I also have the general mindset that every possible issue can be foreseen. Because in almost all situations, they can. It’s just a matter of efficiency: time spent to prevent the issue vs. the risk of the issue arising. So I generally try to think of what can go wrong and weigh the risks (probability and impact). Based on this, a more defensive approach is needed or not.
So whenever an issue that was not appropriately handled arises, I try to re-analyze what else we missed and might not fit into our previous assumptions.
Q: What do you think the future of DevOps is? Where would you like to see Bunnyshell?
The market conditions impose automation to be in place, as DevOps specialists are already very hard to come by, and the demand is outgrowing the supply rapidly, so many companies are already performing this transition towards automation, and many more are thinking of it.
When it comes to Bunnyshell, I see the future us as a crucial player in the DevOps segment (top 5 most recognizable companies), helping tens of thousands of SMEs and developers to have (and keep) their applications online.
Q: In your opinion, what does it take to build a good technical team? And how important is it for the success of a product?
Bunnyshell is a very technical product – technology is what we actually sell, the product. So for us, having the best possible team is paramount.
Building a great team is really hard work, and I believe that all good things emerge from having the necessary core team and the right context.
The core team must be composed of team players who care about the product well beyond the job’s minimum requirements. Hard skills are obviously important, but they can be taught; soft skills, on the other hand, not so much… I truly believe that synergy is a value every team should pursue. For me, the fact that the value of a team is greater than the sum of its parts was proven time and again. And achieving synergy within a team requires every single member to give out his/her best while always keeping in mind the common goal that it has, plus having a continuous desire to grow.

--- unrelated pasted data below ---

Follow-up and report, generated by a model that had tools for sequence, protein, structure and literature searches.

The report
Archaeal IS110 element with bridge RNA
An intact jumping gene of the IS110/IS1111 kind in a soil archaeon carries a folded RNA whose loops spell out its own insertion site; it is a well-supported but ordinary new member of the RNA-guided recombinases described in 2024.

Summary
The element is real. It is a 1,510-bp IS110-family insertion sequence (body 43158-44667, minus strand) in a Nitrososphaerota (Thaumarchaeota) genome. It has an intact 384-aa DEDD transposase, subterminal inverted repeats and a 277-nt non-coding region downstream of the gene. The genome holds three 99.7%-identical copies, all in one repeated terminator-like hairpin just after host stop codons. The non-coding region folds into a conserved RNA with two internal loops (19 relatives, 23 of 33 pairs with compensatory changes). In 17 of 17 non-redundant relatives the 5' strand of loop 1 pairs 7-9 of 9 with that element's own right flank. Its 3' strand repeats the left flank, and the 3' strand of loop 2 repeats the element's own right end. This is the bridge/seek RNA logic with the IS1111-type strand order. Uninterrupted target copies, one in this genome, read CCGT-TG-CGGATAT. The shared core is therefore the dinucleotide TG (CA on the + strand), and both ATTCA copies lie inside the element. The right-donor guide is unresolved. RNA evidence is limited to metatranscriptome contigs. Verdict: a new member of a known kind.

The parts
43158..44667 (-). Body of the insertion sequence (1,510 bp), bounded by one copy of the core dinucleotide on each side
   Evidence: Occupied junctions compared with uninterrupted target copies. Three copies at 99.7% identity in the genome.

Context is the second component that I mentioned, and it refers to defining the set of rules within a workplace, but in an informal way, by providing people with clear desired behaviors to have in various situations, thus setting boundaries for what’s expected and what’s not – and this is best done through example and interaction.
E.g., what to do when you screw up something. For us, it’s signaling problems as soon as possible (as they tend to only get bigger with time passing), adopting a detached mindset, then objectively and blamelessly analyzing the problem and coming up with a solution. Or – not to look away when you spot an unrelated issue while investigating something; or – offering to help a non-technical colleague (in need of help) if you happen to overhear a conversation while passing by the hallway.
This set of behaviors ultimately builds culture.
Q: How do you translate your ideas and vision into terms your team can get behind?
I always try to lay out the benefits for the users. This answers the crucial “why are we doing this?” question. And I try to take on multiple perspectives, e.g., time saved, complexity reduced, convenience, etc.
Having the people that actually build the product understanding what’s being solved is monumental – this way, they can contribute actively and end up with better solutions for the users.
Ultimately, products are built for users, and if what is being built truly helps them, everybody wins.
Q: Do you have any other “tech” hobbies? How do you spend your free time?
Nowadays, I spend most of my free time with my family (I have two absolutely amazing kids). Fortunately, activities here vary plenty, so there’s no time for boredom.
I also regularly read on both tech & management topics.
As for other tech hobbies, I did some Arduino-based projects back in the day, including a robot and some home automation more recently, but nothing spectacular.